As a small business owner, choosing the right payment method for your customers can be crucial to your success. With the increasing number of payment options available, it’s important to understand the pros and cons of each and choose the best option that meets the needs of your business and customers. In this blog post, we’ll provide you with valuable insights on how to choose the best payment method for small businesses.

We’ll discuss the different types of payment methods, including credit cards, debit cards, mobile payments, and e-checks, and compare their fees, security, and convenience. We’ll also provide guidance on how to set up a merchant account and choose the right payment gateway for your business.

Furthermore, we’ll share tips on how to evaluate your customers’ preferences and behaviors to choose the most popular and convenient payment options. We’ll also discuss how to balance the costs and benefits of each payment method and optimize your checkout process to reduce cart abandonment and increase conversions.

Whether you’re a new business owner or an established one, this blog post will provide you with valuable information on how to choose the best payment method for your small business. So, read on to discover how to provide your customers with a seamless and secure payment experience while maximizing your profits.

Types of small business payment methods

The first thing you’ll need to decide is which types of payment your business can accept. Generally speaking, there are five payment options to choose from:

  1. Cash payments
  2. Check payments
  3. Credit card payments
  4. Online payments
  5. Mobile payments

Cash payments

Consumers make cash payments with bills and coins. Typically, you manage cash payments from a point-of-sale system. Until recent years, cash had been a primary form of payment, but digital payment options have steadily increased in popularity.

The benefits of accepting cash payments include receiving payment immediately rather than waiting for a transaction to clear. Cash payments also cut down on overhead costs because there are no fees associated with accepting cash from customers. For small businesses with slim profit margins, credit card fees can be costly.

Running a cash-only business may help some small businesses improve bottom lines and simplify responsibilities. But it’s important to note that this type of payment comes with drawbacks. With a cash-only business, you may run a higher risk of theft and mismanaged money. There’s also a chance you could also lose business by inconveniencing customers who only have a card.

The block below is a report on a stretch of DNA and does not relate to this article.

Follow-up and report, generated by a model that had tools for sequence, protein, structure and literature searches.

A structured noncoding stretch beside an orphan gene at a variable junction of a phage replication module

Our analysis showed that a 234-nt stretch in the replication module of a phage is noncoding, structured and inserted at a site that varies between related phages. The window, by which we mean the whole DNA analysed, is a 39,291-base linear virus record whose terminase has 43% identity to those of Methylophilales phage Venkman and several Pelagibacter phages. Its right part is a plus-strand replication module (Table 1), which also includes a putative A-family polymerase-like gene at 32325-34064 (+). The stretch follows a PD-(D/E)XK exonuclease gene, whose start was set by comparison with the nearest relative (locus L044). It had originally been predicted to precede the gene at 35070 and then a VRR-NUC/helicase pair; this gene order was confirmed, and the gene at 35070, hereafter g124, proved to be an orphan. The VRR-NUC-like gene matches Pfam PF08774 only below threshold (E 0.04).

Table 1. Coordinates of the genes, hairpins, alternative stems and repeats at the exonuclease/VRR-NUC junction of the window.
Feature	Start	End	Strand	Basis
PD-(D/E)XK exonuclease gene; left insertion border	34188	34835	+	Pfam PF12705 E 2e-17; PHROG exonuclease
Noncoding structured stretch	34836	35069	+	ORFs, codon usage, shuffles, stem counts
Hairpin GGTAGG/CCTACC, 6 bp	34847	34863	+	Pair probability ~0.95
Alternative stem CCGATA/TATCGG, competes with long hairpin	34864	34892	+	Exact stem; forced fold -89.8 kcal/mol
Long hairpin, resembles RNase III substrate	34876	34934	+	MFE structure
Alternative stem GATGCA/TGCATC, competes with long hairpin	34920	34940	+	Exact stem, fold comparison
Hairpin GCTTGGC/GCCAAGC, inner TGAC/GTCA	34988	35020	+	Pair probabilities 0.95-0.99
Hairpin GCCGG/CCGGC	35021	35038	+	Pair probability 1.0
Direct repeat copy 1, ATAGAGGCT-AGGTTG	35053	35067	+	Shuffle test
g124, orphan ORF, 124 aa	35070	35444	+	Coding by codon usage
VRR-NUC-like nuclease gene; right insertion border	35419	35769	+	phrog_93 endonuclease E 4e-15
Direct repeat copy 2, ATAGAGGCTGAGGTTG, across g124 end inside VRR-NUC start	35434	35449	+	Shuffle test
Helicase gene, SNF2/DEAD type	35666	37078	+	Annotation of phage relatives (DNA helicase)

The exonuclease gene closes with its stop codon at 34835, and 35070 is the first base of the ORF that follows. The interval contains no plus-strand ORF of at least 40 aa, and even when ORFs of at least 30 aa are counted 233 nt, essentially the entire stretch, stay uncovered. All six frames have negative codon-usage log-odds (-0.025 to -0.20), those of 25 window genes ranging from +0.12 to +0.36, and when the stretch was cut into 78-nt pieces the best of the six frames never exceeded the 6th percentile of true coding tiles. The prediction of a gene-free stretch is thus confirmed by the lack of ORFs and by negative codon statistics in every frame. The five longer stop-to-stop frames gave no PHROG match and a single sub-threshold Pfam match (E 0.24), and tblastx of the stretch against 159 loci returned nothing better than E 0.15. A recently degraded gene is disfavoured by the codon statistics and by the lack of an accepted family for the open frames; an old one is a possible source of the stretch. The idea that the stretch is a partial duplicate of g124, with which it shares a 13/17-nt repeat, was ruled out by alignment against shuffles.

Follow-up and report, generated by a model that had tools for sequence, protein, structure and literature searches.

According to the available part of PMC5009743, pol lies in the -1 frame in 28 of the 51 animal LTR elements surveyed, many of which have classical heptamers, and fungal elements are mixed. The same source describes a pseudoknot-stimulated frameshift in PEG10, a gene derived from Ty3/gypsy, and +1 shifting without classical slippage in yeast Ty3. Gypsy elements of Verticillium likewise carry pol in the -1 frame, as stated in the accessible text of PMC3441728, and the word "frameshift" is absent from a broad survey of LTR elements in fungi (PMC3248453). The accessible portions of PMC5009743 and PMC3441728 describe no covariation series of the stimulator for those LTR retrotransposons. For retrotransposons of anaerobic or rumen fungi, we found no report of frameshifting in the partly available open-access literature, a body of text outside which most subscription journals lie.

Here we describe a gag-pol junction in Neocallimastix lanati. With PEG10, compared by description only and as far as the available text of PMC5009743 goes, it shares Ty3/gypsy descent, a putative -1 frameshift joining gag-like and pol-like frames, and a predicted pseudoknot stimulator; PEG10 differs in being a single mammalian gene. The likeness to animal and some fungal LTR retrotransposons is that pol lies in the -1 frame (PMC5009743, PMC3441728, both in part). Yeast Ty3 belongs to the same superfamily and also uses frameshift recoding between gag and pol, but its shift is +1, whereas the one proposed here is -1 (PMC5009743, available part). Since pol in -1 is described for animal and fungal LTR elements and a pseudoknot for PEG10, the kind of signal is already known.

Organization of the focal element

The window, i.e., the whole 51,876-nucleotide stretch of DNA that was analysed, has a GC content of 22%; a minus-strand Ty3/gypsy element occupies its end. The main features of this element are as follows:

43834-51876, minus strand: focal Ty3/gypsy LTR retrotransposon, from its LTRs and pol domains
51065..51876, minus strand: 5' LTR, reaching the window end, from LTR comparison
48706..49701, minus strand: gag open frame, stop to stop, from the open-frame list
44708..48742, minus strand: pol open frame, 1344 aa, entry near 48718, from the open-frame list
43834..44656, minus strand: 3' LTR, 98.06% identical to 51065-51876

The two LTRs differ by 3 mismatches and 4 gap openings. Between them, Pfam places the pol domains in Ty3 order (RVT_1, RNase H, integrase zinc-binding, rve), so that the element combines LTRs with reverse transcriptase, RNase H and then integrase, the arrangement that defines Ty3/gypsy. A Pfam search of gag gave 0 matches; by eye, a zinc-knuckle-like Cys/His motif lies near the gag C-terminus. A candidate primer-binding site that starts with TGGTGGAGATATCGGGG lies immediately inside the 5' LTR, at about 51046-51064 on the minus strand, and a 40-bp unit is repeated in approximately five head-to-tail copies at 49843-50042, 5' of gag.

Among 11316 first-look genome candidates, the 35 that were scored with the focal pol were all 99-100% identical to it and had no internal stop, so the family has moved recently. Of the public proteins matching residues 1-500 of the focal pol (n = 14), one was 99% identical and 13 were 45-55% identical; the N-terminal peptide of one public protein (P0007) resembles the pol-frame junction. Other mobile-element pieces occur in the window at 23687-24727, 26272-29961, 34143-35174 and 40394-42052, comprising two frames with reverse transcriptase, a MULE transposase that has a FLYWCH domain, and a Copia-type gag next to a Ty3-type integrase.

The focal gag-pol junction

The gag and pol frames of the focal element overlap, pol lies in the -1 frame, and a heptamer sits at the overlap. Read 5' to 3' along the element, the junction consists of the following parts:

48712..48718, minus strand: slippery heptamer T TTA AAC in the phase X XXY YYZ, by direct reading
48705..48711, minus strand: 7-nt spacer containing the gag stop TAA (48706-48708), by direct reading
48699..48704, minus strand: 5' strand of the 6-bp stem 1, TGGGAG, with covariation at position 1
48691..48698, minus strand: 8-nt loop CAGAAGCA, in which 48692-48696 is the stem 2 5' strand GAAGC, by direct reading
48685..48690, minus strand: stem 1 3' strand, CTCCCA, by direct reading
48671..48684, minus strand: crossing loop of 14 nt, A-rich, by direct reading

Regardless of your industry, if cash is your preferred payment method, you can avoid an audit with diligent accounting.

Check payments

Checks are documents that authorize banks to transfer funds from your customer’s bank account to your business bank account. Checks document the payment amount and date and the payer’s account number and signature to authorize payment to the recipient.

Paper checks piqued in the 20th century. But they have lost some of their popularity with the widespread adoption of electronic payment systems. eChecks, electronic alternatives to paper checks, are now commonly used to make online payments.

But checks aren’t entirely outdated. They’re common among small business owners who own rental properties and lawn service companies, for example. All you need is a business bank account to start accepting check payments. But the SBA suggests  creating a policy for your protection.

Standard practice is to accept check payments written in the exact amount and issued by major banks in your state. A third-party company can help verify the legitimacy of each check. But if a check bounces, you could wind up in small claims court or using a collection agency to recover your losses. Both results can be expensive and don’t guarantee repayment.

eChecks have become increasingly popular, along with ACH transfers from one financial institution to another.

Card payments